It was an intense time. But also extremely energizing. It was a pleasure to discover all the issues and getting an experience on how easy it is to resolve them when we just work and think together. Continuous improvement became a habit. Everything was transparent and everybody was open to try things, ask for help and help others.

On track with changing the culture

Half-way through 2010 we had progressed well onboarding teams to the agile way of working. Our strategy to empower the teams was working out well and as the teams had this new and liberating experience of being trusted, having the freedom to sort out how they want to work and getting the support needed, their motivation raised. People, who still worked in the old projects became jealous and we got the requests “Can’t I have my agile training earlier?”. From responses like these we could see that we were in track with changing the culture.

Initially, the productivity of the teams was not particularly good. For example, a first feature, where we tried out the new way of working, was implemented by a full 8 people Scrum team over 3 sprints/9 weeks. That same feature could have been done by two experienced developers in the same timeframe. But the learning was the important point and team velocity improved significantly over just 10 sprints. Plus, we learnt how to slice the scope in a more effective way.

By the end of 2010, all teams were working agile and the classic projects were finished.

Will this ever end?

The journey was intense and the phase in 2010 was especially challenging. Many phenomena emerged out of the organization, that needed to be taken care of.

Some challenges:

What to do with the Portfolio & Technology unit

Dissolving the old stove pipe organization and special functions and instead create fully empowered, cross functional teams implied also, that the System Architecture & Technology unit was removed, and the Architects and technical experts moved into the development centers and into the cross-functional teams. Only a handful technical experts were kept in the small central Portfolio & Technology unit for the technical side of scenario work. Our plan was, that the “long-range-radar” work should be orchestrated by the central unit but needed investigations should be done involving the experts in the cross-functional teams. One year into the journey we saw that that was not an optimal setup: The experts and System Architects were fully absorbed by the teams, leaving no time to work in investigations. The team’s 3-month perspective was creating an urgency and mostly won over the needs for a longer scenario perspective. So we were at risk to lose our long-range-radar and by this being less able to respond to our customer’s need to know when we can deliver a function. (Our customers needed to plan on their side as they needed to integrate our SW in their larger multi-vendor SW eco-system.)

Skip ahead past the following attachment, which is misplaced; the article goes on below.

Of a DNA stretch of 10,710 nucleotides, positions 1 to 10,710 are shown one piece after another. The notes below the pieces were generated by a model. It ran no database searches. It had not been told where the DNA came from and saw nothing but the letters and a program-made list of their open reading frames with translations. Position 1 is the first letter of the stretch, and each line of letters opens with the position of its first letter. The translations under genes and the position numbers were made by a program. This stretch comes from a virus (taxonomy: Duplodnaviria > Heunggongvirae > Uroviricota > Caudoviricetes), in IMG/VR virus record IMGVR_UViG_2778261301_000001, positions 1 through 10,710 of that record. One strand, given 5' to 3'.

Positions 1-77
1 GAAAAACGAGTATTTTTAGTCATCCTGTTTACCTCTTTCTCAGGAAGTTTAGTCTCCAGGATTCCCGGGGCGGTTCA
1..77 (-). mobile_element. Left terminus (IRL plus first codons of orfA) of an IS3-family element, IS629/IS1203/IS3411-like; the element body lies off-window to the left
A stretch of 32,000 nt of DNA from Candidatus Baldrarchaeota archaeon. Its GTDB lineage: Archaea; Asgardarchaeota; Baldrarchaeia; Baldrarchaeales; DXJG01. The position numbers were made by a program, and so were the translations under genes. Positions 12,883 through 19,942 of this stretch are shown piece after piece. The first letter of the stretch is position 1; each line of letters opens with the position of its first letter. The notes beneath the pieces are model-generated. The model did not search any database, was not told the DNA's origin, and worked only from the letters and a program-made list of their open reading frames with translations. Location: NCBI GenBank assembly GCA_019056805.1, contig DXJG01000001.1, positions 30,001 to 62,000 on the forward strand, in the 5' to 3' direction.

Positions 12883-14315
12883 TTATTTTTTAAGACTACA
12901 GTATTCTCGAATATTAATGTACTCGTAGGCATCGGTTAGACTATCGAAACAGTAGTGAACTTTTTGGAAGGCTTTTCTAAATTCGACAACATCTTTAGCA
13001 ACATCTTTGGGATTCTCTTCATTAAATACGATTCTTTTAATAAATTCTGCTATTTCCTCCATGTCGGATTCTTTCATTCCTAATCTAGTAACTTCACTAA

We discussed this over several retrospectives and finally decided that we need to change the change: we re-centralized a sufficient amount of System experts and architects and we initiated an upskilling program to build more Experts and Architects closer to the teams. That resolved the problem.

Local changes > a central framework

In order to facilitate cross-organizational learning, we initially created a central “Frameworks” organization. That organization consisted of members from the different sites and their mission was to document the emerging way of working found by the teams and spread good practices. Our thinking was, that if every team and every development center is doing things differently, we would risk to not be able to collaborate across the large organization – reducing our ability to be flexible and adapt as a whole organization.
That team started with good spirit and intentions. But after half a year we started to face a challenge: there was growing friction between this central team and the Local Transition Teams. What was happening? Our top leader tried to intervene. Get people to collaborate. But without success. Eventually after 1 ½ years, that organization was removed – with a bad taste in our mouth. The idea had been good, the people were motivated, but we couldn’t get rid of the friction this created. Looking back from a distance it is quite clear what had happened: We had implemented two mechanisms to align and spread good practices: The central framework unit. And in parallel, the Local Transition Teams, who were fully empowered and who – thriving on that empowerment – were really determined to live the culture of transparency, sharing, and thinking together. Mechanisms for that were in place in the form of the coaches network and the frequent retrospectives on organizational level. The attempt by the frameworks organization to document the emerging practices, was interpreted as an attempt to impose processes again. The bad experiences with that straight-jacket of defined processes from our previous setup was so alive and the desire to escape from it so internalized by the new leaders, that a constructive conversation was not possible. Resolving the unit was the right thing to do.

The tricky balance of autonomy and alignment